Guyanese culture reflects the influence of African, Indian, Amerindian, British, Portuguese, Chinese, Creole, Latin American, and Dutch cultures. Guyana is one of a few mainland territories of South America that is considered to be a part of the Caribbean region. Guyanese culture shares many commonalities with the cultures of islands in the West Indies.
Cuffy, also spelled as Kofi or Koffi, was an Akan man who was captured in his native West Africa and stolen for slavery to work on the plantations of the Dutch colony of Berbice in present-day Guyana. He became famous because in 1763 he led a revolt of more than 2,500 slaves against the colony regime. Today, he is a national hero in Guyana.
The Berbice River, located in eastern Guyana, is one of the country's major rivers. It rises in the highlands of the Rupununi region and flows northward for 595 kilometres (370 mi) through dense forests to the coastal plain. The river's tidal limit is between 160 and 320 km (99–199 mi) from the sea.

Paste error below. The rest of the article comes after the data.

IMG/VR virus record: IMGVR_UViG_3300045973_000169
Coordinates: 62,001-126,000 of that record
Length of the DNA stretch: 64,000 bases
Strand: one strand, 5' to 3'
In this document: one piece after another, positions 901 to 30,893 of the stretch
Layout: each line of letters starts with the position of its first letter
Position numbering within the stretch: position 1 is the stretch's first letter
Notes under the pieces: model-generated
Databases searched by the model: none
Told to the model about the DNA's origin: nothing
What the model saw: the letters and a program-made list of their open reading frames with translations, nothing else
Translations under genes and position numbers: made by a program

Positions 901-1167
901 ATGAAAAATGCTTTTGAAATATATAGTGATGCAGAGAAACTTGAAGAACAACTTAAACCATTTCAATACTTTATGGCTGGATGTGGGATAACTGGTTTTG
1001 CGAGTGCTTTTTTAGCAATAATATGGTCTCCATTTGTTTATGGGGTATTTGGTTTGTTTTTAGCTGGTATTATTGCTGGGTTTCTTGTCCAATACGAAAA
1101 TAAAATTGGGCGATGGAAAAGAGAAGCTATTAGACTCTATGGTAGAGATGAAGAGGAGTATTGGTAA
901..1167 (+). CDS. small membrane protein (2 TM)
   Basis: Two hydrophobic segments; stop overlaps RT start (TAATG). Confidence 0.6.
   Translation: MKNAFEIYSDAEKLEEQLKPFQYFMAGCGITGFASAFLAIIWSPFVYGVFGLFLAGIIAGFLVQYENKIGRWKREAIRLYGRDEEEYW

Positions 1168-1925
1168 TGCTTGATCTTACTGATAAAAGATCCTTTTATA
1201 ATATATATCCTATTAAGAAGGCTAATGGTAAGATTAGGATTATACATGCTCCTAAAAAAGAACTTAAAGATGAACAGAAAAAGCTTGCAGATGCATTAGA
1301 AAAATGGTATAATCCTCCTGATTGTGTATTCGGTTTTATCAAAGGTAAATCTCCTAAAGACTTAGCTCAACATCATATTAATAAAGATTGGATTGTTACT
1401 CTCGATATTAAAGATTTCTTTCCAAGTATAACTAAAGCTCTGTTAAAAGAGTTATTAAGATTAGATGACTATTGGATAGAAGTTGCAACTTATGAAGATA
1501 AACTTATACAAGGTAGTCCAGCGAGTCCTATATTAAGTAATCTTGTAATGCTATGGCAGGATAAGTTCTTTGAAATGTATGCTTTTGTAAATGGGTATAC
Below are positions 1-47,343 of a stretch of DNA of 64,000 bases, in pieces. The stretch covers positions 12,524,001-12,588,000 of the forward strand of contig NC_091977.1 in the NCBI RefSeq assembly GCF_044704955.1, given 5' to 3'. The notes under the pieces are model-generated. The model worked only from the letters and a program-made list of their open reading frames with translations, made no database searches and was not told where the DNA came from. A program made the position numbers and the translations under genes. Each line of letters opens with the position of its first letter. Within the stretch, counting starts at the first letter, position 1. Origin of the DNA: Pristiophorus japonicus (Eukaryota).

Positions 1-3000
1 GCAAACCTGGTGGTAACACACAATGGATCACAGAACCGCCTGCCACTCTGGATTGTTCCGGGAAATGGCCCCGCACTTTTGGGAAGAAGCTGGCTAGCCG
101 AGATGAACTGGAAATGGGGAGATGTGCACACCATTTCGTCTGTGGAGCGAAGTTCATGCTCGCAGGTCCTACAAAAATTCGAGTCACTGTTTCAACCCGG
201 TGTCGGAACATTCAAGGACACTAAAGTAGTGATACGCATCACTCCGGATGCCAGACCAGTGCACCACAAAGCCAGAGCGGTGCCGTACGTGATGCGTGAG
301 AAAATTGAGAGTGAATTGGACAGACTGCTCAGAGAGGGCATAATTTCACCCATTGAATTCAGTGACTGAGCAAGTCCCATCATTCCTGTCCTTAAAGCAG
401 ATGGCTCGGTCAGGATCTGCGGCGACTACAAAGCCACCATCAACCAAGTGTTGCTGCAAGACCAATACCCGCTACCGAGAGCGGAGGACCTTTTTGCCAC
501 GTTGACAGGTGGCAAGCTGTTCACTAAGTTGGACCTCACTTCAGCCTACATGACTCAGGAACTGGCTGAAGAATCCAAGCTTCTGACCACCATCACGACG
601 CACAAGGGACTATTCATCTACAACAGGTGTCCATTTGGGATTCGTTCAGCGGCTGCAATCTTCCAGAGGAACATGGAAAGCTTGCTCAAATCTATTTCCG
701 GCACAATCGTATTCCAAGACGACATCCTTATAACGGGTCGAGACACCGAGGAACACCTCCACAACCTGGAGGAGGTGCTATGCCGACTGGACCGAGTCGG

Bartica, Essequibo, is a town on the left bank of the Essequibo River in Cuyuni-Mazaruni, at the confluence of the Cuyuni and Mazaruni Rivers with the Essequibo River in Guyana. It is the regional capital of Cuyuni-Mazaruni.
Linden is the second largest city in Guyana after Georgetown, and capital of the Upper Demerara-Berbice region, located at, altitude 48 m (160 ft). It was declared a town in 1970, and includes the communities of MacKenzie, Christianburg, and Wismar. It lies on the Demerara River and has a population of 27,277 as of 2012. It is primarily a bauxite mining town, containing many mines 60–90 m deep, with many other pits now in disuse. Linden is the regional capital of Upper Demerara-Berbice.
Berbice is a region along the Berbice River in Guyana, which was between 1627 and 1815 a colony of the Dutch Republic. After having been ceded to the Kingdom of Great Britain in the latter year, it was merged with Essequibo and Demerara to form the colony of British Guiana in 1831. In 1966, British Guiana gained independence as Guyana.
Corriverton is the most easterly town in Guyana. It lies at the mouth of the Corentyne River, opposite Nieuw Nickerie, Suriname, to which it is linked by ferry from South Drain.
Stabroek was the old name of Georgetown, Guyana, between 1784 and 1812, and was the capital of Demerara. Stabroek is currently a ward in the centre of Georgetown.